What is remarkable about these pieces is Ellington’s organisational methods within the popular song form. Often there are several themes in one piece, different rhythmic figures emerge and recede and surprisingly, in view of the limited time span available, transitional and developmental passages. Ultimately, however, it is the sound of Ellington’s Famous Orchestra that sets him apart in contemporary music, what Billy Strayhorn called ‘The Ellington Effect’ – the use of highly individual, sometimes idiosyncratic soloists in combination to create great richness of tonal colour that was both unique and distinctive. Ultimately, however, these recordings are neither landmarks of jazz improvisation or big band dance music popular at the time. The conventional categories of jazz or even classical music seem inappropriate to embrace these major works, which are among the finest bodies of music created in the 20th century.
Duke Ellington and his Famous Orchestra
The Duke at Fargo 1940
Storyville 103 8435 | ★★★★ Recommended
Wallace Jones (t), Ray Nance (t, vln), Rex Stewart (cnt), Lawrence Brown, Joe ‘Tricky Sam’ Nanton (tb), Juan Tizol (v, tb), Otto Hardwick (as, cl), Johnny Hodges (as, sop, cl), Barney Bigard (clt, ts), Harry Carney (bs, clt), Duke Ellington (p), Fred Guy (g, whistle), Jimmy Blanton (b), Sonny Greer (d), Ivie Anderson and Herb Jeffries (v). Rec. 7 November 1940
Danish label Storyville last issued their double-CD of this legendary ‘live’ Ellington dance date in 2000, labelled reasonably enough as the ‘60th anniversary edition’. Now they’ve released it again, sub-titled this time as Special 60th Anniversary Edition. Prior to Storyville’s involvement an earlier edition appeared in 1990 on the US-based Vintage Jazz Classics label. I mention this because that version boasted a 19-page booklet essay by Ellington scholar Andrew Homzy, a superlative track-by-track evaluation of the music which is not replicated on the Storyville release or matched by the Jerry Valburn-William Strother-Jack Towers’ notes repeated here from their 2000 release. Even so, there’s enough here to place the recording in context. Towers and the late Dick Burris, tyro audio engineers, had seen the band back in 1939 and resolved to record it when it came to Fargo, North Dakota, setting up their rudimentary gear having cleared their endeavour with the booking agency and Duke himself.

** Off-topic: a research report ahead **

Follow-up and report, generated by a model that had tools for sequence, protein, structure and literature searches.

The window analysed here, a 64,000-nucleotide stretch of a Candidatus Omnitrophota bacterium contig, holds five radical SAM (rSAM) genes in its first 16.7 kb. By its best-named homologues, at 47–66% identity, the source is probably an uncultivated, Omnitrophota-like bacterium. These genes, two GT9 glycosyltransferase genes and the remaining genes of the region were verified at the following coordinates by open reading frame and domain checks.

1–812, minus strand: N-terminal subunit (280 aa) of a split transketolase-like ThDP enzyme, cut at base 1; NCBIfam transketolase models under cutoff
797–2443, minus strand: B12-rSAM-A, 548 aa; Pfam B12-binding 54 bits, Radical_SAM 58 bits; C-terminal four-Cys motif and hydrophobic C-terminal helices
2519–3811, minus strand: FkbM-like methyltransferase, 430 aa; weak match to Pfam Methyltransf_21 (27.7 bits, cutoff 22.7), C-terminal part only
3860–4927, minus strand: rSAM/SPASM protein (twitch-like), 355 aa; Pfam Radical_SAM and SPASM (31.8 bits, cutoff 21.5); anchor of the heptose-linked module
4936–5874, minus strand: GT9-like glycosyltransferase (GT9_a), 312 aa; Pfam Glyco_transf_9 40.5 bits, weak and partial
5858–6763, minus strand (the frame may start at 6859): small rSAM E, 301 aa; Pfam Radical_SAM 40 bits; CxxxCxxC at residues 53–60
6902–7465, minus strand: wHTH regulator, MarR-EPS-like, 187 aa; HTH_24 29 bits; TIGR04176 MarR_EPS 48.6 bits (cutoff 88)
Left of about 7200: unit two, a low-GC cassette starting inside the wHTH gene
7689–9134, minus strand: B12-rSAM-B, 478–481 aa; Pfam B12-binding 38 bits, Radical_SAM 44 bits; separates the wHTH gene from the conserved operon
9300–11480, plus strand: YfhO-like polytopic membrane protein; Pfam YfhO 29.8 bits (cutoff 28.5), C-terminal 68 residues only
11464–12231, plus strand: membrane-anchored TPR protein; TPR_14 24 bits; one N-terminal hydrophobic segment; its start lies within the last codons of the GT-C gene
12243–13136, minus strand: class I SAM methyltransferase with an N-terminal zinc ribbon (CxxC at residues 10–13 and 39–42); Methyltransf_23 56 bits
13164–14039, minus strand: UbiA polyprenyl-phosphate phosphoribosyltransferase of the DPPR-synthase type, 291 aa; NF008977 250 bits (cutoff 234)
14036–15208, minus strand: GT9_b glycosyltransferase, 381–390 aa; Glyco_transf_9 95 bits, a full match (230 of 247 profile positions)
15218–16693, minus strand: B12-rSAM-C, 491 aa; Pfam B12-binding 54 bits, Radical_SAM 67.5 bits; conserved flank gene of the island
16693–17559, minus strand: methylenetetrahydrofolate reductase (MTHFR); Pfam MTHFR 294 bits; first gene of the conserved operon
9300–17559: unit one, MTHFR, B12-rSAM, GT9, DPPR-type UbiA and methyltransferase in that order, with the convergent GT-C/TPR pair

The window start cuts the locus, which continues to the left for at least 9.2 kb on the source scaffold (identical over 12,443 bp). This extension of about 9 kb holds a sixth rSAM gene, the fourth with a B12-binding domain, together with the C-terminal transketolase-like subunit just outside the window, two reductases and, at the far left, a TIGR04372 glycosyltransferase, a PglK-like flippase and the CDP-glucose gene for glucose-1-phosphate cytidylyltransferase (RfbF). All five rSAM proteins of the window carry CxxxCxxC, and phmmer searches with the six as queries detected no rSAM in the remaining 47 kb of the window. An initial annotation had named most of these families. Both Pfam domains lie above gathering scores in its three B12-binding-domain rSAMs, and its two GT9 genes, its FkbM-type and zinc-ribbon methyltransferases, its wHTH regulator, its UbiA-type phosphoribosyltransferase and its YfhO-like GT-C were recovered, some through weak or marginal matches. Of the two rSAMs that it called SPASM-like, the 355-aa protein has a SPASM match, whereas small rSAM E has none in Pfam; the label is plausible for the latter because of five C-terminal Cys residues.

And what a feast of music they captured for this was the famed Blanton-Webster line-up caught in all their blazing glory on a one-night dance gig in the boondocks. No compromises offered bar the occasional pop song, the core repertoire – ‘KoKo’, ‘Sepia Panorama’, ‘Never No Lament’, ‘Cotton Tail’, ‘Boy Meets Horn’ (with every kind of cornet noise from Stewart) etc – all included. Forty-five pieces in all, some truncated for disc changeovers etc, the vocals less well caught than the ensembles. Trumpeter Nance, making his first gig with the band, sounds good, as do all the established stars. What comes across most for me is Blanton’s incredible buoyancy and the extraordinary rhythmic verve he and Greer demonstrate throughout, this exemplified on the outrageous version of ‘St Louis Blues’ that precedes ‘God Bless America’ as the gig’s closer. Then again there’s the sheer energy and audacity of the ensemble playing, every man on song and in the form of their lives. Oh yes, the sound is surprisingly good considering. Don’t wait another 13 years: snap this up now. (Peter Vacher)
This article originally appeared in the Dec 10 / Jan 11 issue of Jazzwise; the review appeared in the Oct 13 issue. Subscribe to Jazzwise.